1911 Encyclopædia Britannica/Labyrinthulidea
LABYRINTHULIDEA, the name given by Sir Ray Lankester (1885) to Sarcodina (q.v.) forming a reticulate plasmodium, the denser masses united by fine pseudopodical threads, hardly distinct from some Proteomyxa, such as Archerina.
1. A colony or “cell-heap” of Labyrinthula vitellina, Cienk., crawling upon an Alga.
2. A colony or “cell-heap” of Chlamydomyxa labyrinthuloides, Archer, with fully expanded network of threads on which the oat-shaped corpuscles (cells) are moving. o, Is an ingested food particle; at c a portion of the general protoplasm has detached itself and become encysted.
3. A portion of the network of Labyrinthula vitellina, Cienk., more highly magnified. p, Protoplasmic mass apparently produced by fusion of several filaments. p′, Fusion of several cells which have lost their definite spindle-shaped contour. s, Corpuscles which have become spherical and are no longer moving (perhaps about to be encysted).
4. A single spindle cell and threads of Labyrinthula macrocystis, Cienk. n, Nucleus.
5. A group of encysted cells of L. Macrocystis, embedded in a tough secretion.
6, 7. Encysted cells of L. macrocystis, with enclosed protoplasm divided into four spores.
8, 9. Transverse division of a non-encysted spindle-cell of L. macrocystis.
This is a small and heterogeneous group. Labyrinthula, discovered by L. Cienkowsky, forms a network of relatively stiff threads on which are scattered large spindle-shaped enlargements, each representing an amoeba, with a single nucleus. The threads are pseudopods, very slowly emitted and withdrawn. The amoebae multiply by fission in the active state. The nearest approach to a “reproductive” state is the approximation of the amoebae, and their separate encystment in an irregular heap, recalling the Acrasieae. From each cyst ultimately emerges a single , or more rarely four (figs. 6, 7). The saprophyte Diplophrys (?) stercorea (Cienk.) appears closely allied to this.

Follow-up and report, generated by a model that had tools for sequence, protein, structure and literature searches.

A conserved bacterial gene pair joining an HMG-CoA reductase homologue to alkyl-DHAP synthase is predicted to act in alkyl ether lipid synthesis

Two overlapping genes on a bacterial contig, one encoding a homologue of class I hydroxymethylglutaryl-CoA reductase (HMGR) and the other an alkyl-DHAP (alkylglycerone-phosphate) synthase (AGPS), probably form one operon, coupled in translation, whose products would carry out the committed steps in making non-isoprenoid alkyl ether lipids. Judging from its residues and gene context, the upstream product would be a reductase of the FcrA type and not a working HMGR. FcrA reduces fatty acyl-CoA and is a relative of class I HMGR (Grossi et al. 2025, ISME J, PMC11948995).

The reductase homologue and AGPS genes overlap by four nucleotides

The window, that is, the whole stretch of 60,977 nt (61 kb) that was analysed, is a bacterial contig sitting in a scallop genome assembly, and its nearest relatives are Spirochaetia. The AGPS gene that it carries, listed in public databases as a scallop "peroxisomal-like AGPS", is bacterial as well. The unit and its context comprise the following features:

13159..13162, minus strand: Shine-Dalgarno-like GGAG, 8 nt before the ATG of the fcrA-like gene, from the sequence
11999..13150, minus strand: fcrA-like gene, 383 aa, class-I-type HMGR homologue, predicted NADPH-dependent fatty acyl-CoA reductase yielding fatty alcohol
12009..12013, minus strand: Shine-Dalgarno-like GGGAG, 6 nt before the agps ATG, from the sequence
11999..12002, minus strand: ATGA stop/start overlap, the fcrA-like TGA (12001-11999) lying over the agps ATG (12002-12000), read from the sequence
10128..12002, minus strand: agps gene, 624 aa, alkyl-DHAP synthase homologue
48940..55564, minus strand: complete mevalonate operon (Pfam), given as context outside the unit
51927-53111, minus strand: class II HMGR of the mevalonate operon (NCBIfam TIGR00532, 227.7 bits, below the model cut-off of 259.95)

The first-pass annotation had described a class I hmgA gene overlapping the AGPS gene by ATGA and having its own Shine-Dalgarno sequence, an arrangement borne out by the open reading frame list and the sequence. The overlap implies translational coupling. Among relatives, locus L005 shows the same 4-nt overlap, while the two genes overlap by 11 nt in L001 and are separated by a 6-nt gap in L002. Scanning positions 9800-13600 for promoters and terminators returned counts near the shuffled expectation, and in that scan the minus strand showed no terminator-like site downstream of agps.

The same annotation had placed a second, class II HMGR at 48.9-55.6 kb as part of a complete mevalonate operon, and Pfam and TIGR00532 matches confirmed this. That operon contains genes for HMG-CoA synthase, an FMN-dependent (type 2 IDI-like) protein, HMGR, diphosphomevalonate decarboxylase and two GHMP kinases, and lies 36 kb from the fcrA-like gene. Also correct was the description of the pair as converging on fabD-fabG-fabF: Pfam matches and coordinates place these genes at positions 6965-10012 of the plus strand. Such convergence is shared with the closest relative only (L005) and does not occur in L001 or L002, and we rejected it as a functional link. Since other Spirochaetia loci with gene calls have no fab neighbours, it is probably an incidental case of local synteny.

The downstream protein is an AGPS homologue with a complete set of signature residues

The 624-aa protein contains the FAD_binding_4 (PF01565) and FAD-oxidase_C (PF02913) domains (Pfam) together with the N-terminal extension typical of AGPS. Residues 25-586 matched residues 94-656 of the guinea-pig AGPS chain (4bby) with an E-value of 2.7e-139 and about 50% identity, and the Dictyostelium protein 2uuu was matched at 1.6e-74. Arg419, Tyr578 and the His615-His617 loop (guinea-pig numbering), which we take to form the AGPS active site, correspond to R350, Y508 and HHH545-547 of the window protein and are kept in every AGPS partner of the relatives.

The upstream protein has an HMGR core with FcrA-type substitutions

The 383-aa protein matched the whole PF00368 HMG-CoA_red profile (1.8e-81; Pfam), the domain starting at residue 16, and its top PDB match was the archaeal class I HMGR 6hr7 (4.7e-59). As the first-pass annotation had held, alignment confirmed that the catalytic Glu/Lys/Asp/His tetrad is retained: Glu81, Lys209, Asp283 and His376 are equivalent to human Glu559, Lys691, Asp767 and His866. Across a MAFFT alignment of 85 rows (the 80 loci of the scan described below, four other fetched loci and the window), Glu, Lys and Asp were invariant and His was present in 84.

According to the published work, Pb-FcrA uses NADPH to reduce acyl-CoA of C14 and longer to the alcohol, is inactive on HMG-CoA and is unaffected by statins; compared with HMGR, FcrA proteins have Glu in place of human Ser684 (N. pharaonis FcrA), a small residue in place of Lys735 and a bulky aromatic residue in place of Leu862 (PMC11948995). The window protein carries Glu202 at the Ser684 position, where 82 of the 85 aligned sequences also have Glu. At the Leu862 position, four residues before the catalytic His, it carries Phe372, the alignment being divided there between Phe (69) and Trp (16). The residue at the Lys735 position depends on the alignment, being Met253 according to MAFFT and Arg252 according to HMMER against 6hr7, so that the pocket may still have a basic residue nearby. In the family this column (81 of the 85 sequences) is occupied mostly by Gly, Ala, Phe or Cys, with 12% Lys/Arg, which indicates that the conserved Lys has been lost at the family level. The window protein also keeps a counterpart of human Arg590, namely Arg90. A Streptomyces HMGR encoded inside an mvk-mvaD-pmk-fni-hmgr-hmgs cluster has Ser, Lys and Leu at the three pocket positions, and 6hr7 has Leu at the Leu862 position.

Chlamydomyxa (W. Archer) resembles Labyrinthula in its freely branched plasmodium, but contains yellowish chromatophores, and minute oval vesicles (“physodes”) filled with a substance allied to tannin—possibly phloroglucin—which glide along the plasmodial tracks. The cell-body contains numerous nuclei; but in its active state is not resolvable into distinct oval amoeboids. It is amphitrophic, ingesting and digesting other Protista, as well as “assimilating” by its chromatophores, the product being oil, not starch. The whole body may form a laminated cellulose resting cyst, from which it may only temporarily emerge (fig. 2), or it may undergo resolution into nucleate cells which then encyst, and become multinucleate before rupturing the cyst afresh.
Leydenia (F. Schaudinn) is a parasite in malignant diseases of the pleura. The pseudopodia of adjoining cells unite to form a network; but its affinities seem to such social naked Foraminifera as Mikrogromia.
See Cienkowsky, Archiv f. Microscopische Anatomie, iii. 274 (1867), xii. 44 (1876); W. Archer, Quart. Jour. Microscopic Science, xv. 107 (1875); E. R. Lankester, Ibid., xxxix., 233 (1896); Hieronymus and Jenkinson, Ibid., xiii. 89 (1899); W. Zopf, Beiträge zur Physiologie und Morphologie niederer Organismen, ii. 36 (1892), iv. 60 (1894); Pènard, Archiv für Protistenkunde, iv. 296 (1904); F. Schaudinn and Leyden, Sitzungsberichte der Königlich preussischen Akademie der Wissenschaft, vi. (1896).